Dealing with a large and often complex inventory of supplies, Jim believes, is one of the most complicated parts of the holiday lighting business. It requires an understanding of what tools, lights, and equipment will be needed for each job that comes your way – and you’ll need to keep track of this information from year to year as your customer base grows and changes. On top of that, prepare to spend a lot of time crunching numbers and juggling vendors as you compare the prices of different distributors and negotiate discounts for your supplies.

“You have to plan everything,” stresses Jim. “In that respect, it’s a lot more work than window cleaning.”

You’ll Have Your Pick of Customers…So Pick Wisely

“I’m continually surprised at how little serious competition there is for holiday lighting services,” says Patrick. “You’ll never lack for work, I guarantee you that.”

Coby Powell agrees: “I think many window cleaners would be surprised at how lucrative this really is,” he says. Since it first started, Holiday Illumination has grown approximately 40% each year, generating an astounding $1 million in business during the 2006 holiday season alone.

But don’t let the abundance of opportunity overwhelm you: be strategic in the selection of new customers and business opportunities. Otherwise, you run the risk of spreading yourself too thin and taking on more than you can handle (especially during your first year).

For instance, try to build your customer base within a set geographic area (multiple houses within a few local developments) – this will reduce the amount of time and money wasted on transportation. You’ll be more productive and more profitable – not to mention less stressed. Even if you can’t group all your clients according to location, map out a plan (for installation, service, and dismantling) to ensure that you make the best use of your time.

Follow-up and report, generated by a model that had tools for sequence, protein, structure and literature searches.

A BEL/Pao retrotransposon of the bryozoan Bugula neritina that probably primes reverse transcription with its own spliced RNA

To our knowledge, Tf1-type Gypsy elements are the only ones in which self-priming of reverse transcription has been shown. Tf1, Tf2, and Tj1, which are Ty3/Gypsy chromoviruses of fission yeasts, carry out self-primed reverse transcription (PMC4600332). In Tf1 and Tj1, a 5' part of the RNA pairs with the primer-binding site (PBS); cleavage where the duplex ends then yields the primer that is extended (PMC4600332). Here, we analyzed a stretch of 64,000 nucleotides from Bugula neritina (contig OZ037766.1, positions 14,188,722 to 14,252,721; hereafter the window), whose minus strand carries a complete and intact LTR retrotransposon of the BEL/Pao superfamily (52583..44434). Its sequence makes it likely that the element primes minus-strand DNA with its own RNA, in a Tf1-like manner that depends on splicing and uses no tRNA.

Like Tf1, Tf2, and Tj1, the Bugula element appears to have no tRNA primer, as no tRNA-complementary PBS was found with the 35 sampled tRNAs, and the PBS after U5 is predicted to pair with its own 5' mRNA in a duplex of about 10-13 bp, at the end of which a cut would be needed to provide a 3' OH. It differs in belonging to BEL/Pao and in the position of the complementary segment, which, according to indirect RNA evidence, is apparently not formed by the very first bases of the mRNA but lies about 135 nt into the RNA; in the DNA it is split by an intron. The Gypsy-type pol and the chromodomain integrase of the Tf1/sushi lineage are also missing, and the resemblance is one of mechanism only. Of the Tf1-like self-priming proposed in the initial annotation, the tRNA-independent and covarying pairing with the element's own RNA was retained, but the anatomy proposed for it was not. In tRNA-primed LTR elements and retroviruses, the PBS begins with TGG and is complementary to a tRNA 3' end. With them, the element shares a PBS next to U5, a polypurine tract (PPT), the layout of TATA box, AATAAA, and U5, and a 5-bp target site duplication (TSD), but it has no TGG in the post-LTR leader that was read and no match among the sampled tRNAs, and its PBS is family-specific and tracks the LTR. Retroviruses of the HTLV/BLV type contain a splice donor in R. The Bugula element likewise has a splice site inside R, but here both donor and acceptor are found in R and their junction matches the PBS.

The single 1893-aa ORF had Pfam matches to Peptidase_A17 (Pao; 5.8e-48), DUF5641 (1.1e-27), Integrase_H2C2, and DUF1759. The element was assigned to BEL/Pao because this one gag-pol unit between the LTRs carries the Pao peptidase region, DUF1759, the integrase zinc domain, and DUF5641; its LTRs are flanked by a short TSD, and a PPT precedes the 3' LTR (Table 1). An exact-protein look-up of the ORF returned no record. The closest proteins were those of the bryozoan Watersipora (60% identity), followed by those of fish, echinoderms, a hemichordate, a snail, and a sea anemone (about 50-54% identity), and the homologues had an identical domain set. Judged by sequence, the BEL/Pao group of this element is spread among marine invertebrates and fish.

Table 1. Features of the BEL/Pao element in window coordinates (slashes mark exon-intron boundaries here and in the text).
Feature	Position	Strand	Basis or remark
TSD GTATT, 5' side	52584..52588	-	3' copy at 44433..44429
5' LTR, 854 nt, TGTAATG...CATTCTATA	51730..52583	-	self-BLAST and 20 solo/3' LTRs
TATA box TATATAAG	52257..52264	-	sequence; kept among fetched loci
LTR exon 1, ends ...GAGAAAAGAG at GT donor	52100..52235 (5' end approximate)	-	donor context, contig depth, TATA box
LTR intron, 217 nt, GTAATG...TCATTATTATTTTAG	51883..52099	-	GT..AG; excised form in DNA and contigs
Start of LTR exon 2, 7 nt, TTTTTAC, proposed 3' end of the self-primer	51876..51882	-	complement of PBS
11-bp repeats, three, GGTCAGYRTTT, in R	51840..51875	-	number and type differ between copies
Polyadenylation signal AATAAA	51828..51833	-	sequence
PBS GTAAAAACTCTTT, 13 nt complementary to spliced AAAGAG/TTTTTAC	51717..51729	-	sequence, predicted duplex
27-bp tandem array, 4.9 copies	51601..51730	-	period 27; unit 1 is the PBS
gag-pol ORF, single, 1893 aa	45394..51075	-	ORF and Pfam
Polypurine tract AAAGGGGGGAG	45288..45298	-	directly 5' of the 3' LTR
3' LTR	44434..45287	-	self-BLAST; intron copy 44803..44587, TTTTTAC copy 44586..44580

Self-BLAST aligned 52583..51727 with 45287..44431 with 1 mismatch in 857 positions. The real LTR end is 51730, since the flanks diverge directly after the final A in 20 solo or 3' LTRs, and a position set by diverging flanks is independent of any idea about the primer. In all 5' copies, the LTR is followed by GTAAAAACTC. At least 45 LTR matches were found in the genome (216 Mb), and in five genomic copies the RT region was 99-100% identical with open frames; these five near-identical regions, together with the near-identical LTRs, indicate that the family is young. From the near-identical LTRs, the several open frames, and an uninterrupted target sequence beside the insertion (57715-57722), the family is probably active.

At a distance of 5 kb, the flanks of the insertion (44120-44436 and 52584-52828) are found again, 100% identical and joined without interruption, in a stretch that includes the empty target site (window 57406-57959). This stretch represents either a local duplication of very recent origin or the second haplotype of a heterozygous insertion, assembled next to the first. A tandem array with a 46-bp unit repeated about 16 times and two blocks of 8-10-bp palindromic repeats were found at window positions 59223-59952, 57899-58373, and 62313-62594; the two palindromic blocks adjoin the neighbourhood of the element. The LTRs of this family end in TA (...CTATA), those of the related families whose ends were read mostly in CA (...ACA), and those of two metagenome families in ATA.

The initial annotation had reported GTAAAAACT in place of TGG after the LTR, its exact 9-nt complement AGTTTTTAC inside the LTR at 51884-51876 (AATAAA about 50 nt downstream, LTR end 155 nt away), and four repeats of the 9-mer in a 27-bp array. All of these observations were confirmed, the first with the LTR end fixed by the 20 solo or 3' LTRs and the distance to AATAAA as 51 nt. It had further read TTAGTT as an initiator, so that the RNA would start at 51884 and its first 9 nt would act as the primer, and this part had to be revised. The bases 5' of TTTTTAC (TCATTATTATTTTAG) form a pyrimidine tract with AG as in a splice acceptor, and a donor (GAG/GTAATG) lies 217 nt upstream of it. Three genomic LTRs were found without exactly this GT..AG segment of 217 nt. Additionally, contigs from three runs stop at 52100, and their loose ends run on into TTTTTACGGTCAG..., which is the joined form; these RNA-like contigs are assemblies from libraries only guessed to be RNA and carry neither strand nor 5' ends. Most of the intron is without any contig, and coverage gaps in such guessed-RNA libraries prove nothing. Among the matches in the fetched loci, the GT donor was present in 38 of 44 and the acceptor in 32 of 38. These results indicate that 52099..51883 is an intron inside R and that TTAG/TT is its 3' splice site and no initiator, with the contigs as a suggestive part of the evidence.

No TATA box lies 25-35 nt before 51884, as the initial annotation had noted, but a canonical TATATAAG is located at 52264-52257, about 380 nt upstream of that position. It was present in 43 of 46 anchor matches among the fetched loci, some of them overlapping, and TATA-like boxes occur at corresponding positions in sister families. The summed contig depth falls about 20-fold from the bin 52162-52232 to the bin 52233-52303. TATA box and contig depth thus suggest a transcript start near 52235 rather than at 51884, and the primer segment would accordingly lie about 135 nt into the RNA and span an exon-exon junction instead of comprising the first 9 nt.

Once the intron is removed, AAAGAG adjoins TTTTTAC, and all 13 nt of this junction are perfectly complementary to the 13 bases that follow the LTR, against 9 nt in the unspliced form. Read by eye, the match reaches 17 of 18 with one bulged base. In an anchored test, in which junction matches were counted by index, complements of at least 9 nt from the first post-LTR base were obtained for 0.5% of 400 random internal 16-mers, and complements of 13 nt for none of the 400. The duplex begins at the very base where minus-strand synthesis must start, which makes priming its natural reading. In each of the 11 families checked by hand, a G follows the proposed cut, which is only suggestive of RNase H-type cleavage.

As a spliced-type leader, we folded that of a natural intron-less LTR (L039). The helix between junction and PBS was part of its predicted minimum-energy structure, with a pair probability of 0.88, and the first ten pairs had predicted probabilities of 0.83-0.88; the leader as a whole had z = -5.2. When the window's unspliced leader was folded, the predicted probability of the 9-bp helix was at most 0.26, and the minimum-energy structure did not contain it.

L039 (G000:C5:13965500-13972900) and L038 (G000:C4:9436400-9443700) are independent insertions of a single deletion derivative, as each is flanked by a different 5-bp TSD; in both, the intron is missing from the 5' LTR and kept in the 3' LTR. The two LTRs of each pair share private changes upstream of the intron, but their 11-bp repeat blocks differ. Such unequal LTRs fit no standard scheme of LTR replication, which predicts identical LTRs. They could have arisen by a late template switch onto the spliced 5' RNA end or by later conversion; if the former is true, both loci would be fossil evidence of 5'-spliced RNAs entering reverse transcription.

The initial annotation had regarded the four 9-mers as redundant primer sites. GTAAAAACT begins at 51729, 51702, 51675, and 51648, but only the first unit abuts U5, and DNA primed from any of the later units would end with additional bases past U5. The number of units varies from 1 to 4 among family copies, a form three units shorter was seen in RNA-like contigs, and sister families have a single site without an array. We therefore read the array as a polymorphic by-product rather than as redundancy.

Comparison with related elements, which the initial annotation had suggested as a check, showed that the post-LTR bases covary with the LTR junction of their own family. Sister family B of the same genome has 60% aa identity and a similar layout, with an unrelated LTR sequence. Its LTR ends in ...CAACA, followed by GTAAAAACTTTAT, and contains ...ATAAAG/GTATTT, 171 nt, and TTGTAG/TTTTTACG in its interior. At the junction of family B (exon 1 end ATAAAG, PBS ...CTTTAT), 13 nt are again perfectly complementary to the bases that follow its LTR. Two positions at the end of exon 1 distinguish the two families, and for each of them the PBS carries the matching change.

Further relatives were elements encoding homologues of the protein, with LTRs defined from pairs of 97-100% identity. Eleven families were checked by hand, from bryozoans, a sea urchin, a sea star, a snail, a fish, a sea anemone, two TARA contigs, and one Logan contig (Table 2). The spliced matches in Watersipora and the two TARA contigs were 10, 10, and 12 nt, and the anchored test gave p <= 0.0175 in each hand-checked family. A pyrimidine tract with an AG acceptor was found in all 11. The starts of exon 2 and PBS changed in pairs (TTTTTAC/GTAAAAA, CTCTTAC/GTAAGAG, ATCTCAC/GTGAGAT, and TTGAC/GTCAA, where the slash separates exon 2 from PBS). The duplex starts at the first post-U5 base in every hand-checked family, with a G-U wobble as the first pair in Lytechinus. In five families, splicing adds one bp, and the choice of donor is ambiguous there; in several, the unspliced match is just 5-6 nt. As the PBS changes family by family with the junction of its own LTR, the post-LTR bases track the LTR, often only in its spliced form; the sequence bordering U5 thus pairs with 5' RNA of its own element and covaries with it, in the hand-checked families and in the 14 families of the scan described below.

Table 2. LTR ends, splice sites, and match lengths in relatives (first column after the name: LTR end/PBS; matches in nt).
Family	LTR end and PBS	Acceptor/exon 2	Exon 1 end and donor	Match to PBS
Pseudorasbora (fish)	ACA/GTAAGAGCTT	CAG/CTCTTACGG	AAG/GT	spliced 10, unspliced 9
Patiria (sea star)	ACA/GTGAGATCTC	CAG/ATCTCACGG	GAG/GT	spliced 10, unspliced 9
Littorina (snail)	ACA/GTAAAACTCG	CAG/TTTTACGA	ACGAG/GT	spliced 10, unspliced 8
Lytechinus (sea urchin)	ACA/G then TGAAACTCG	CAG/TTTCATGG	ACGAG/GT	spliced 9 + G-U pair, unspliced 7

Having the good “problem” of too many customers also means you can be picky about the type of jobs you select. “If you can, turn down the hard jobs (like steep roofs) that will kill your productivity,” says Patrick.

There’s a Learning Curve

Expect to make mistakes your first year, the experts say. Like any major undertaking, you should assume that it will take some time to refine your strategy and figure out what works best for your business.

Fortunately, there are resources available to you should you need help along the way. Holiday Illumination has been in the business for nearly ten years, and now offers consulting services to window cleaners seeking guidance on how to get started with holiday lighting.

Jim suggests seeking out (non-competing) mentors who can provide you with ongoing advice and input. “I was happy to find a number of people in the industry who were willing to answer all my questions,” he says.


Holiday lighting offers almost endless opportunity for window cleaners who are up to the challenge. It’s an endeavor that is best approached only after careful planning and consideration; and with a full understanding of the work and commitment required.

But in the end, you may be surprised at the magnitude of your ultimate reward – and not just in the financial sense.

“People are genuinely happy when they see the final product,” says Jim. “And there’s nothing like driving through a neighborhood at night and getting to show your kids all the lights that Daddy put up…

…it really feels like I’m helping spread the holiday cheer.”